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The right to safe abortions

October 09, 2013 12:10 am | Updated November 17, 2021 12:36 am IST

With the Medical Termination of Pregnancy (MTP) Act coming into effect in 1972, India conveyed a strong message that it cared for the health of pregnant women who wanted to safely terminate their pregnancies. Yet, even four decades later, many women are still unaware that abortion is legal. Even access to safe abortion centres is severely restricted, especially in rural areas. As a result, there is a great mismatch between the number of abortion seekers and MTP-certified providers and centres. According to a 2008 study in Contraception journal, nearly three-quarters of abortion-certified facilities are in the private sector. Add to this the stigma and discrimination that women seeking abortion face, and it is not surprising that a large number of women still turn to unskilled providers to perform abortions using unsafe methods in unsuitable settings. In 2010-11, over six lakh abortions took place in government-approved institutions. The number of unsafe abortions taking place every year is not known. According to a 2008 WHO report, about “two thirds of all abortions” that take place in the country are outside authorised health facilities. As a result, abortions cause an estimated eight per cent of maternal deaths in India — a majority of which are due to unsafe procedures — according to the Registrar General of India’s data.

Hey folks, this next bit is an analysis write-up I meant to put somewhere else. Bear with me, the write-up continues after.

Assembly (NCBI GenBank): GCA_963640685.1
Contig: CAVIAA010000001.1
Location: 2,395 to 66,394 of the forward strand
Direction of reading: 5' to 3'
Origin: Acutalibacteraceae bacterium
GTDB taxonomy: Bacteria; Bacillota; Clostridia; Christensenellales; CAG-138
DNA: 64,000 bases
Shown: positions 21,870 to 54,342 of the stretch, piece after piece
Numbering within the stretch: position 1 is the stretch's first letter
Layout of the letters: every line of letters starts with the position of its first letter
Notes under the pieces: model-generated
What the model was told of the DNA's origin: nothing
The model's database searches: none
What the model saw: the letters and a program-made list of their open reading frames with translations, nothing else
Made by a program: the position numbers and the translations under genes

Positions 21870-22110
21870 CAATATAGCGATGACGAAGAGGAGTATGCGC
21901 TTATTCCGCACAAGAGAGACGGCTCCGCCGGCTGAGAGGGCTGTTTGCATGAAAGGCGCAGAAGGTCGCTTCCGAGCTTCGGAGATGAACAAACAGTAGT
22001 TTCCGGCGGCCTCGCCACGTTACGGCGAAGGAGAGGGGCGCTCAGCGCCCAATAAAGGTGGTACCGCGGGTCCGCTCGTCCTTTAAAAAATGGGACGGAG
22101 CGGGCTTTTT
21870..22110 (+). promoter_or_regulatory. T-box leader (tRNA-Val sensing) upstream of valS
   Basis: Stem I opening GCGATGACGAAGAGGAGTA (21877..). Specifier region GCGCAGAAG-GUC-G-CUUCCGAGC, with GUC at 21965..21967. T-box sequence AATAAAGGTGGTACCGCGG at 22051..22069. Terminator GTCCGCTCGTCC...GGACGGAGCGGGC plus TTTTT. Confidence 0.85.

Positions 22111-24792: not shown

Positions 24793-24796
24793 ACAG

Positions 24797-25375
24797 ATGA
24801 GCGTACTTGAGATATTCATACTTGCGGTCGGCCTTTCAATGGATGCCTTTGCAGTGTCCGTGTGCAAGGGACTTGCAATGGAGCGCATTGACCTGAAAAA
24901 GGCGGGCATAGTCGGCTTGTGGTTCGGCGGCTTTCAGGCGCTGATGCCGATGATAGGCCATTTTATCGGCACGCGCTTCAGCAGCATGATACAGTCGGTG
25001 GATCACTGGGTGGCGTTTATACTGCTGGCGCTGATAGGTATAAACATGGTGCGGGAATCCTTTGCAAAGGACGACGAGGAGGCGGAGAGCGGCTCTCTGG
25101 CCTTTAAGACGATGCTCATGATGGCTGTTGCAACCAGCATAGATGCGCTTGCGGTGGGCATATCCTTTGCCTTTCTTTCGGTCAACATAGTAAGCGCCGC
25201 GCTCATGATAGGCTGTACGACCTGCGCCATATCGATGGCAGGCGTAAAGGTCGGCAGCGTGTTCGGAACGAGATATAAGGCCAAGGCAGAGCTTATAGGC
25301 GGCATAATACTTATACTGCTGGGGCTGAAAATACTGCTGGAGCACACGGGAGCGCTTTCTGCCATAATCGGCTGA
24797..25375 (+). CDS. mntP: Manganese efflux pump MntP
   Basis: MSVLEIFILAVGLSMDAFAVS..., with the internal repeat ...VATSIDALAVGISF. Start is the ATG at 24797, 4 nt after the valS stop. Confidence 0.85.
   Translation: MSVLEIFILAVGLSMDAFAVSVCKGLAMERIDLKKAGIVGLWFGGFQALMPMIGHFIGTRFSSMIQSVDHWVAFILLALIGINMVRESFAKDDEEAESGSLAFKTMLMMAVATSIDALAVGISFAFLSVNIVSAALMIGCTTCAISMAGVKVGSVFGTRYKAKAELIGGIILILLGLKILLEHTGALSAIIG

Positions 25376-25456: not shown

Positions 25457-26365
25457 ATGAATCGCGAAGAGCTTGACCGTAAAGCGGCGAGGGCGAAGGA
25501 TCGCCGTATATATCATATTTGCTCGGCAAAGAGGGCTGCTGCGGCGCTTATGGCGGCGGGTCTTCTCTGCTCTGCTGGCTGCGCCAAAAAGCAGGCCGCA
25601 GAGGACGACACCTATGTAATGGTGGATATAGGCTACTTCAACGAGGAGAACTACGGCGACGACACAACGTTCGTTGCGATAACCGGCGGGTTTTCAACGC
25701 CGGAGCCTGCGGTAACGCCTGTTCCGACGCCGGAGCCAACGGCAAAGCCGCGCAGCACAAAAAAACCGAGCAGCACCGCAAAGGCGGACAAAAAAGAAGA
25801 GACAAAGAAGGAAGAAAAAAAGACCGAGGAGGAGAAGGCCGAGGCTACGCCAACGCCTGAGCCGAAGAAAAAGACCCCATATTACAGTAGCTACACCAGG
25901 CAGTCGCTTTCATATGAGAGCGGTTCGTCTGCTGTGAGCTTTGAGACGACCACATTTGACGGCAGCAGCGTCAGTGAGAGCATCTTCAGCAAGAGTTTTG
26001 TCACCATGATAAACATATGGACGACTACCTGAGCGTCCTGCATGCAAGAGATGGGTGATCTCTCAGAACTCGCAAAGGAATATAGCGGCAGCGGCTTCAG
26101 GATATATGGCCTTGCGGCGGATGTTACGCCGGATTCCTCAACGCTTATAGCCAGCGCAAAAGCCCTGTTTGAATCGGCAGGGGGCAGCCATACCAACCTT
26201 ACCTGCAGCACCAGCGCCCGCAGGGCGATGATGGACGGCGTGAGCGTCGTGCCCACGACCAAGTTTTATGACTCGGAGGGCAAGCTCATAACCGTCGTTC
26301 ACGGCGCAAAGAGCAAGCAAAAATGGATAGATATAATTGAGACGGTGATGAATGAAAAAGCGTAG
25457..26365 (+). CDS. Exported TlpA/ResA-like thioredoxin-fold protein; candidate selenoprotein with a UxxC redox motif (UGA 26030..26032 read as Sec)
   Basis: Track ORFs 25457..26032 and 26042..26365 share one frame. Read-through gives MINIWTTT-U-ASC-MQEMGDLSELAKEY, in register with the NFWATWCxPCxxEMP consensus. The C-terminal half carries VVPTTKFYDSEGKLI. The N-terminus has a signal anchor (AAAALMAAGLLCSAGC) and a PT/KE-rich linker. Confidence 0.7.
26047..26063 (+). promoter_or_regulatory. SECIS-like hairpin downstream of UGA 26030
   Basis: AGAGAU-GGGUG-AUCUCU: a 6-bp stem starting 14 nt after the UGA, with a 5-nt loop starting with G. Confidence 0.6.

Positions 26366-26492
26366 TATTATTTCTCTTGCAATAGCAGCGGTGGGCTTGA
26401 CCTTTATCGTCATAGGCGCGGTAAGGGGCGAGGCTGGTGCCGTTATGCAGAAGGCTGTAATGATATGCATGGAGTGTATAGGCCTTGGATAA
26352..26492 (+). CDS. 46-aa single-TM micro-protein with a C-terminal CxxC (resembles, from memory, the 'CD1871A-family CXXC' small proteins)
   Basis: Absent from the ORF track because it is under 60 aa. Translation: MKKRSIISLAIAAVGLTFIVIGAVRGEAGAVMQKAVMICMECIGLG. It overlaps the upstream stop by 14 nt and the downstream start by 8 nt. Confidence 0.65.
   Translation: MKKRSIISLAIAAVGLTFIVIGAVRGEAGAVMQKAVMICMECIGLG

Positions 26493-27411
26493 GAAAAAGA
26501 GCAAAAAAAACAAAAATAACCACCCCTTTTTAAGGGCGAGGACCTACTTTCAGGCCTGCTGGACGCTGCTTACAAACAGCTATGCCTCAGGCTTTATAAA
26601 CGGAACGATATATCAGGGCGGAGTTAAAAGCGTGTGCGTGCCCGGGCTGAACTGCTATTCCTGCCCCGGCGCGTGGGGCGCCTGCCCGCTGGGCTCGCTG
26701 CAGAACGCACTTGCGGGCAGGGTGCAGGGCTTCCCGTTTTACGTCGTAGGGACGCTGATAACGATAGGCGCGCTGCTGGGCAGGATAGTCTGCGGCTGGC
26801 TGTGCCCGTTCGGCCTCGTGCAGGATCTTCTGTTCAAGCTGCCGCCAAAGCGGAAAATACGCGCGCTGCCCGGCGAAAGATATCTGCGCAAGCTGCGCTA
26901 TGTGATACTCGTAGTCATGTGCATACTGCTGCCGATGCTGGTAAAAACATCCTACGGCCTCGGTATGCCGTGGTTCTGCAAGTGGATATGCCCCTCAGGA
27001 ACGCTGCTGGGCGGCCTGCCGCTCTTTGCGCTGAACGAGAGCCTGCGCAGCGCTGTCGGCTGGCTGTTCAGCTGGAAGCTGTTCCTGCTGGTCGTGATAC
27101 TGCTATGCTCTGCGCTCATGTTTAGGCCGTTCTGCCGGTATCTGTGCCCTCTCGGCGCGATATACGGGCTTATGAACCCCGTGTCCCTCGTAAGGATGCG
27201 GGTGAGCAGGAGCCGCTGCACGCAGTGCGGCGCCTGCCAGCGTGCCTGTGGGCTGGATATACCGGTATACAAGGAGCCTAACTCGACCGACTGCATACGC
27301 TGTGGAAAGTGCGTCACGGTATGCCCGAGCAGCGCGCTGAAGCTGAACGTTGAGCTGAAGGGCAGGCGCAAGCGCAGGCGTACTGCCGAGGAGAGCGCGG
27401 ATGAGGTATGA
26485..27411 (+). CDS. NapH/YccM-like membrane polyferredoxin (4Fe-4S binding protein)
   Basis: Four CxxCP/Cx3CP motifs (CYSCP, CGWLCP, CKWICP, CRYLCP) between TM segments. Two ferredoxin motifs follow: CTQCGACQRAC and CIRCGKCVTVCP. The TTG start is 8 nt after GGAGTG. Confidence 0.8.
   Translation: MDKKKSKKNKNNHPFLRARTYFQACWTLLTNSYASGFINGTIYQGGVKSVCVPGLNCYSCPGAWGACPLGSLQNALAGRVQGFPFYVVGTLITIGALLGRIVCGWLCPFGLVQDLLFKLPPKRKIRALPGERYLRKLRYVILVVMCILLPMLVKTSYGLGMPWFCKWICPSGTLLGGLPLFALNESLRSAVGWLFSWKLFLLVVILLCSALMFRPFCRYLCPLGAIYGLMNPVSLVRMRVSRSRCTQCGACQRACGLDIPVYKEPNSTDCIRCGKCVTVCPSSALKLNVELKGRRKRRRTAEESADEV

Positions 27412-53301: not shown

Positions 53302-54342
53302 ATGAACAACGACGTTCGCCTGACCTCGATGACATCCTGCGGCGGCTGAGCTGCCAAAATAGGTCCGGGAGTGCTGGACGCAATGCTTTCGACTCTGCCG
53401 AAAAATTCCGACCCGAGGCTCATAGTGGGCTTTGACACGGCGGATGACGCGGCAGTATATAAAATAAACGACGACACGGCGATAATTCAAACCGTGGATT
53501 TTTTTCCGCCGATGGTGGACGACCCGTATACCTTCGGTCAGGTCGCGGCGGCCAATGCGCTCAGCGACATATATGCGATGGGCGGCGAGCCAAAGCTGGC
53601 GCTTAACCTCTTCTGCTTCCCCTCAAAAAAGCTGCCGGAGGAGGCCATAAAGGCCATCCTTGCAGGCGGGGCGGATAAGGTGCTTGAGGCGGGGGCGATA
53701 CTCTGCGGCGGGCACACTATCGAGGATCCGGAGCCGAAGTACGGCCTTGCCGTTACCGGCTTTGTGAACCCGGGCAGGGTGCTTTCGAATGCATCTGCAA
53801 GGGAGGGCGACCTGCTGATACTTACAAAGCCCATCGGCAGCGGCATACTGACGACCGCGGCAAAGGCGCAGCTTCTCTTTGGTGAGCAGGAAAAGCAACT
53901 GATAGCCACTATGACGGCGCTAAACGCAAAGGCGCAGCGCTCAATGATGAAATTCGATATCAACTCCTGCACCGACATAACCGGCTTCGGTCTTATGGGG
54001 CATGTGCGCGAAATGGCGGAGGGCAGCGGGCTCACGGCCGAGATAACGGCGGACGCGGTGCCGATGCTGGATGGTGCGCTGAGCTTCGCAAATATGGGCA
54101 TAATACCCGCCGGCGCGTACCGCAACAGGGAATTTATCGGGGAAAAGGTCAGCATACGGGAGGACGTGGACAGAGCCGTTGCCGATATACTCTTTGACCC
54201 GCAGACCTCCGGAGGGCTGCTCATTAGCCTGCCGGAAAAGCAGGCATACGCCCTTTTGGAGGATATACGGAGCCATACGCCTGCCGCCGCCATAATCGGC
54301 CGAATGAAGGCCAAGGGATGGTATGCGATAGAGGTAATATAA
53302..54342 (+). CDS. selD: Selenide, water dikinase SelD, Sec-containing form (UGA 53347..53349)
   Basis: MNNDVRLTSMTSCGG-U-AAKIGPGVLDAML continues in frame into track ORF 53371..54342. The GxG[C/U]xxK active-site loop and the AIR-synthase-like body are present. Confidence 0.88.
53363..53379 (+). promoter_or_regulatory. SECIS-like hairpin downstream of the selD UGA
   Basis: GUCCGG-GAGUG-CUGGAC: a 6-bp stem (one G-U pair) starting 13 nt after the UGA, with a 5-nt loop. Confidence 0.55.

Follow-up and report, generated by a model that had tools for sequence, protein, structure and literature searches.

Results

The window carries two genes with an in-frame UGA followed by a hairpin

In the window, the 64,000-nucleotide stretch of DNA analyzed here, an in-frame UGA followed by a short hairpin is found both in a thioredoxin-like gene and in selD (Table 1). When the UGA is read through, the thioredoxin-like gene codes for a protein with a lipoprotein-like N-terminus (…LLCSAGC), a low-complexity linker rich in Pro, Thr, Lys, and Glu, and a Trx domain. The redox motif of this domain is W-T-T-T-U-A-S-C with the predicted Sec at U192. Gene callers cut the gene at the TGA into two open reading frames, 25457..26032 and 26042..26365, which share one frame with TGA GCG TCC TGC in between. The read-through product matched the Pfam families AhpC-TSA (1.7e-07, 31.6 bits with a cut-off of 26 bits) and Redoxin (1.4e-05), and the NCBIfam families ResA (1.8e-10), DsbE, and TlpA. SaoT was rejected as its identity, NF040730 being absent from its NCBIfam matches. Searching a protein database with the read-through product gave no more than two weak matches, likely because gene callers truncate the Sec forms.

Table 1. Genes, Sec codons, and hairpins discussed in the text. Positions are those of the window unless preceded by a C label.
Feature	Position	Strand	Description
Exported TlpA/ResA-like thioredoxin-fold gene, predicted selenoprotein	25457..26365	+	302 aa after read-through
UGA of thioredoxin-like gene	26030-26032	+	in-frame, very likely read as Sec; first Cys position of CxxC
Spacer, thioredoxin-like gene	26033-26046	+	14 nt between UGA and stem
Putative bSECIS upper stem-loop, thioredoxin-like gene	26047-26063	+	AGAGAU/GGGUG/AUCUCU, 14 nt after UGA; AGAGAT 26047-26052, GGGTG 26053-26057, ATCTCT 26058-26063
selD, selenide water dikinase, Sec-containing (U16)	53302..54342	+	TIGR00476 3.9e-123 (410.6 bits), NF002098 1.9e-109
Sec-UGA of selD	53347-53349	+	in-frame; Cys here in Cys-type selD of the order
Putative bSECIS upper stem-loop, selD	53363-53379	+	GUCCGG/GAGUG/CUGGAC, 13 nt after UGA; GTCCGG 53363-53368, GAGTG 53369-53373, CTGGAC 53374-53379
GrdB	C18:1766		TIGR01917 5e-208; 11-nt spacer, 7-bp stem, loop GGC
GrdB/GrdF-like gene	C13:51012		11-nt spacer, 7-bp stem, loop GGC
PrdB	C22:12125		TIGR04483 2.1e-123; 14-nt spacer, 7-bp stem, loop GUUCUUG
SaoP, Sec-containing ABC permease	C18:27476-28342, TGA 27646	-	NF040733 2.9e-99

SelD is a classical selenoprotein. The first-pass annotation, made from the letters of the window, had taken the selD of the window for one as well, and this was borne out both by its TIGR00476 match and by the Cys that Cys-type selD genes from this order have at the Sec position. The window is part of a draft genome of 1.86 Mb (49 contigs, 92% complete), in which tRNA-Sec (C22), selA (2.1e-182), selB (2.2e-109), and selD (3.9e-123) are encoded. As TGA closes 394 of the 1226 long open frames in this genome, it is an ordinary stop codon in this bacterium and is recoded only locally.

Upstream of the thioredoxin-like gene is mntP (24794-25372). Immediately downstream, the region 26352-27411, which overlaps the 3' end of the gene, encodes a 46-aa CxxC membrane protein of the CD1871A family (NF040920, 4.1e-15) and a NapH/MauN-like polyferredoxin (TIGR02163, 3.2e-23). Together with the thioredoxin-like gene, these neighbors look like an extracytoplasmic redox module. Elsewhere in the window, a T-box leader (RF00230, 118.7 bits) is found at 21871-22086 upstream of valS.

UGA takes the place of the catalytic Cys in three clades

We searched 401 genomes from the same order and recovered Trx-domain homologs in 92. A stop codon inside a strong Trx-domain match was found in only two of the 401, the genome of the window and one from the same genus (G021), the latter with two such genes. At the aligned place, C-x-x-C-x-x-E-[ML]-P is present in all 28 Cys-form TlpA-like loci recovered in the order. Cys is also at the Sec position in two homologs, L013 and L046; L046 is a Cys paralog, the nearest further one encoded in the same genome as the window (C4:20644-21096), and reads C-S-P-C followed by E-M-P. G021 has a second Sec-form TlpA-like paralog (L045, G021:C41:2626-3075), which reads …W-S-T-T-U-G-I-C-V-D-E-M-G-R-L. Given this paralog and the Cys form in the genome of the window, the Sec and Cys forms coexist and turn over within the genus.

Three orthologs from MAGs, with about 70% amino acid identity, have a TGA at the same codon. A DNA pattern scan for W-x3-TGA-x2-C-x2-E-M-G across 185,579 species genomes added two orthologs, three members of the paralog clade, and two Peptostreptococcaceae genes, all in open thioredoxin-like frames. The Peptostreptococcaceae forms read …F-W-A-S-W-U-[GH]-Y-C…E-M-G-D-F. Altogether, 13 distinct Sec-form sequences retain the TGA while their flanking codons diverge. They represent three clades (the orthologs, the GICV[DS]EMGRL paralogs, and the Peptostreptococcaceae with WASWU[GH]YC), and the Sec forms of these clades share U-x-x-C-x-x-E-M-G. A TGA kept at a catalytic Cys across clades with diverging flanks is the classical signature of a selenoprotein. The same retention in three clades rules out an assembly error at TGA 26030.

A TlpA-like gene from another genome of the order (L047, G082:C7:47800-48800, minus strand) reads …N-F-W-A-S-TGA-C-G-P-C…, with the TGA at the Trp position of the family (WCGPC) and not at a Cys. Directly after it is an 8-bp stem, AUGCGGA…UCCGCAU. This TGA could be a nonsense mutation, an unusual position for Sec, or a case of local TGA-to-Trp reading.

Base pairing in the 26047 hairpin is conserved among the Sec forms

To complicate the situation further, the Pre-natal Diagnostic Techniques (Regulation and Prevention of Misuse) Act, 1994 meant to prevent sex determination to avert female foeticide can work at odds with the MTP Act. It cannot be denied that selective abortion of girls has been increasing in India. As per 2011 census data, the sex ratio of girls per 1,000 boys dropped from 927 to 914 during 2001-2010, and from 945 to 927 during 1991-2000. Yet, a long-lasting solution can be achieved only by bringing about a cultural change and not by clamping down on abortion services and drug availability. A holistic approach is needed that will not lead to more women seeking out unsafe abortion providers, resulting in an increase in maternal deaths. The Protection of Children from Sexual Offences Act, 2012 and the Criminal Law Amendment Act, 2013 have also made matters worse for minors seeking abortion services. Even if minors indulge in consensual sex, the resultant pregnancy is presumed to be the result of rape and doctors may feel obliged to inform the authorities. While the 2012 and 2013 Acts have gone to great lengths to protect the interests of women and minors, these laws may unwittingly force minors to seek the services of untrained providers, thus putting their life in jeopardy. Reducing unsafe abortions will remain a distant dream if different Acts work at cross purposes.

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